Where is Italy's future?

MORRIS DALLA COSTA

, Last Updated: 9:15 AM ET

The soccer world is buzzing about the potential transfer and the insane dollar figures being thrown around Brazilian international and A.C. Milan superstar Kaka by Premier League's Manchester City.

But there is another signing that is indicative of the wrong direction Italian soccer and Milan itself is heading.

Milan signed Brazilian Felipe Mattioni. He will be Milan's sixth Brazilian signing.

If Milan accepts Manchester City's offer of 100 million pounds ($180 million US) for Kaka, there'll be one less Brazilian in the lineup.

When you match up Milan with Inter, which has few Italians in their lineup, you are talking about two Italian soccer giants that have turned their backs on developing young homegrown players.

And before all the Juventus fans begin pounding their chests about how much better they are at developing young talent, one of the best young players in Italy --Sebastian Giovinco -- spends most Sundays on the substitutes bench because he can't get on the pitch in regular Serie A matches.

Yes, Juventus is better at developing younger talent than some of Italy's other big clubs, but it, too, can do better.

It's a disturbing trend for Italian football, especially the national side.

Serie A has been surpassed in both talent and attractiveness by Spain's La Liga and England's Premier League.

The alarming numbers of South Americans playing in Italy is bad news for Italian soccer in general.

Many of the Brazlians, Argentinians, Peruvians, Uruguayians and others play the skill positions on their respective teams.

They are attacking or creating midfielders, wingers or strikers. Their skill on the ball allows teams to create chances and play attractive football.

Now zoom ahead, or flash back, to the Italian national team. Yes, they are world champions, but time catches up with everyone.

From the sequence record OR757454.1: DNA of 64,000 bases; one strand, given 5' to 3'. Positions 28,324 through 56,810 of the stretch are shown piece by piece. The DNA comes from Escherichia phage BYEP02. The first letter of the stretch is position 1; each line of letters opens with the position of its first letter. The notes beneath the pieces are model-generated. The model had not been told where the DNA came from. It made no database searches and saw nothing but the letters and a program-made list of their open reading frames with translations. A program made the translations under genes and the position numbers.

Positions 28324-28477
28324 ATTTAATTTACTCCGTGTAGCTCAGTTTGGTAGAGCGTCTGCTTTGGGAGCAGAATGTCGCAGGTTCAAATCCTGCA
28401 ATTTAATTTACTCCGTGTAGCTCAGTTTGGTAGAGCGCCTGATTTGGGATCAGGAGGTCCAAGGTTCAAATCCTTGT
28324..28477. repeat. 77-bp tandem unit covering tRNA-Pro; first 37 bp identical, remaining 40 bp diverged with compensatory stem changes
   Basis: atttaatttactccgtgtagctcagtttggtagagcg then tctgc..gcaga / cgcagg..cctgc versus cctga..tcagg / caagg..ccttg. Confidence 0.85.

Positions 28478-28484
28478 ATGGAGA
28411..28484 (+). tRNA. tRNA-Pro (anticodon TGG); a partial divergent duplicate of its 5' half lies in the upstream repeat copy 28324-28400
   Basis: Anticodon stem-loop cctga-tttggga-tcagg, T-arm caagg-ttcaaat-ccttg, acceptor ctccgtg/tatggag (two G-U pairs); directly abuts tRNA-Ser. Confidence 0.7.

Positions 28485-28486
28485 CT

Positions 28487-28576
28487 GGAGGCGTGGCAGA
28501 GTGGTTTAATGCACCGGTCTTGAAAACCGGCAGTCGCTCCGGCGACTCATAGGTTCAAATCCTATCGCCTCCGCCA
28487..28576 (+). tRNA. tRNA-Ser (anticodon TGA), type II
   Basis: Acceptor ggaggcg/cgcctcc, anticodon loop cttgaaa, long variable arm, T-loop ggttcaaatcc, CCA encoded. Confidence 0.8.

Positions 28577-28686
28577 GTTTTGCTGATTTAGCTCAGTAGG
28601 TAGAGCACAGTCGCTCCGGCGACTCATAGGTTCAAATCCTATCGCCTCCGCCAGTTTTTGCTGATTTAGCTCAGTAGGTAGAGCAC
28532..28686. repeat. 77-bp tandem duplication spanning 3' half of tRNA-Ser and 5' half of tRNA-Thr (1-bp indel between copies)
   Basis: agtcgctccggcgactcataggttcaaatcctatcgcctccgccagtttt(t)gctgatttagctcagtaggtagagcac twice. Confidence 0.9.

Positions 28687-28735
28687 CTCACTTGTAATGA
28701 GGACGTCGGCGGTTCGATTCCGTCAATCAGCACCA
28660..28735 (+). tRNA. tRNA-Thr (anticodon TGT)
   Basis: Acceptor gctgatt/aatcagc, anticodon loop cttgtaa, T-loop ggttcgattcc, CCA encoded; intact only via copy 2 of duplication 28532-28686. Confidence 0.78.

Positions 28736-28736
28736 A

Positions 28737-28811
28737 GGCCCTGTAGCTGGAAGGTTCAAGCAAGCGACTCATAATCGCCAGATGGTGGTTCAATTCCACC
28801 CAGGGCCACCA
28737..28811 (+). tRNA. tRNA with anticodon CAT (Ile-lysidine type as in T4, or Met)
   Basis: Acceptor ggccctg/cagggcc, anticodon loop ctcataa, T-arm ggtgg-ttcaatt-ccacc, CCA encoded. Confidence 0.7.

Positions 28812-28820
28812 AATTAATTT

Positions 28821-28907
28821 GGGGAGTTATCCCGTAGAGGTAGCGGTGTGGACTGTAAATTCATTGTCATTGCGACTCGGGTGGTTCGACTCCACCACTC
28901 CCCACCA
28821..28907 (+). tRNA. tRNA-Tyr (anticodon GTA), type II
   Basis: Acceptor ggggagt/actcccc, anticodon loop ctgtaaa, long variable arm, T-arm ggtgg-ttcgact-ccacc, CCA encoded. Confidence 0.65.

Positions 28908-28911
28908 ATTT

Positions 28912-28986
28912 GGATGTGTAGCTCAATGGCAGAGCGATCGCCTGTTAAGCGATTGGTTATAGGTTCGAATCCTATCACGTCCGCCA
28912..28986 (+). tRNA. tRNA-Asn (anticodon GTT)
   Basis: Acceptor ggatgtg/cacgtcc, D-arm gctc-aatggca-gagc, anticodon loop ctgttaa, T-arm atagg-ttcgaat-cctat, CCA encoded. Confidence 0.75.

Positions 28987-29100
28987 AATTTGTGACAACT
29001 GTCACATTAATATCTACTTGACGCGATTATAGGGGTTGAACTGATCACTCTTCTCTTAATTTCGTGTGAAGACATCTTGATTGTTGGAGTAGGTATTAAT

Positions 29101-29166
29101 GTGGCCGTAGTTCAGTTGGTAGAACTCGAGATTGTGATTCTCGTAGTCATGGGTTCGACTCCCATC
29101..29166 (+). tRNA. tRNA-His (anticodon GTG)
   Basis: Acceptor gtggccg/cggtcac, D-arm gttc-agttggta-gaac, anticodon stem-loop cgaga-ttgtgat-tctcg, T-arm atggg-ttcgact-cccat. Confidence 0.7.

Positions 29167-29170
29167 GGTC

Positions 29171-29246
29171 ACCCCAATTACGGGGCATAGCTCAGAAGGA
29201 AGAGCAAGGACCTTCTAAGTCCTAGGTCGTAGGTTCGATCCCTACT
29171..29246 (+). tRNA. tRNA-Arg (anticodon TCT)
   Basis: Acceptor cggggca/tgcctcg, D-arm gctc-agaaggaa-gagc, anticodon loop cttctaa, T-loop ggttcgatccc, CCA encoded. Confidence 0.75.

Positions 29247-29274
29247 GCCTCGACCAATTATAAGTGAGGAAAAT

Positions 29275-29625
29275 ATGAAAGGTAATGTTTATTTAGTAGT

The latest version of the Italian national team is pedantic and dull. The No. 1 striker, Luca Toni, is a throwback striker. He's a big, lumbering target guy who can't play with the ball at his feet.

What are the Italians missing? They are missing the creativity that comes from the midfield. They are missing pure goal scorers.

Those positions in Serie A are occupied by South Americans or other foreign players.

You need look no further than the trouble the Italians are in when they are missing Andrea Pirlo.

It's a sad statement when Pirlo is the best the Italians can offer.

Rarely a week goes by that a young Italian player isn't under discussion for his lack of playing time or confrontations with managers.

Giovinco has gone through this. Inter's Mario Balotelli is now going through it. Some of it is attitude, at least in Balotelli's case.

But a lot has to do with Italian soccer's inability to give their young superstars a chance.

It is rare indeed to find an 18-, 19- or 20-year-old getting a chance to play on the national team.

Other national teams highlight their young Ronaldos, Michael Owens, Wayne Rooneys or Benzemas.

In Italy, being a young player often means taking a back seat to older, more experienced players at both the league and international level.

A.C. Milan is known as the La Veccia Signora. It translates to "The Old Mrs." -- a classy name and very true.

Sadly, Milan has become a retirement home for older players.

Serie A has become a place where players can begin and end their soccer careers.

That's not a good place to be when it comes to Italian soccer's future.

As the 2010 World Cup approaches, some of that Italian talent must get a chance to develop or the 2010 tournament may be as disastrous as Italy's 2008 European Cup campaign.


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